6 comments:

    1. according to a report issued by the emery ed fund, the total enrollment of students at emery secondary and anna yates was 420 and 362 respectively for the school year 2008-2009. exactly how many of these students actually live in emeryville? while i totally support the schools and have been a volunteer for five years, the burden of repaying the school bond
      falls on me and other property owners who may not have children in the school district but want our children to get the best education they can. what about parents who work in emeryville and send their children to emeryville schools but live elsewhere? what about the children who live in richmond, oakland, hayward, san leandro and san francisco? this is a terribly unjust bond measure which i opposed from the beginning.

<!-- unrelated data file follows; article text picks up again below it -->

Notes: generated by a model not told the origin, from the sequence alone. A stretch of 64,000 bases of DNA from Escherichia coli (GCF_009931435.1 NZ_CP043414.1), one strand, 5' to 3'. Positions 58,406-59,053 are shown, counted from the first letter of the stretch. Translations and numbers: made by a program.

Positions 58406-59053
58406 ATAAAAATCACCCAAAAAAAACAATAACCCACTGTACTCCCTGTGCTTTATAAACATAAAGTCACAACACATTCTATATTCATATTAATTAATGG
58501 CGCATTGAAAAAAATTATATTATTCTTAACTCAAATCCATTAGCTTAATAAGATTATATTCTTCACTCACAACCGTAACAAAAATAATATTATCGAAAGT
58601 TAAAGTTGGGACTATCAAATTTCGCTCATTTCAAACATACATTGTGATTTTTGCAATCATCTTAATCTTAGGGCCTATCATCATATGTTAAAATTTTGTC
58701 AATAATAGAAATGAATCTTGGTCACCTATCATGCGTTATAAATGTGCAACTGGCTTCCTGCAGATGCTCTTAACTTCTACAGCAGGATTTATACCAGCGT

i would like to see an audit made public each year to see exactly what businesses are paying for measure j.

      ReplyDelete
    2. I'm not sure where you got your numbers since you didn't name a source, however, they are inaccurate. I live at Andante, so I can only attest to that project.

      First of all there are 125 units, not 95. Even if you are only referencing the first phase of the project, there are 102 units. Second, my neighbor has a daughter that attends Emery Secondary. I'm almost sure we have more than that one child at Emery Secondary too. Third, we have several familys at Andante. Both my downstairs and upstairs neighbors have children and four other nearby neighbors also have children. Most of these children are too young to attend Emery Secondary (At least 3 are too young even for Elementary school.) I would not call our units family un-friendly. The two bedroom units are large and accomodate children nicely.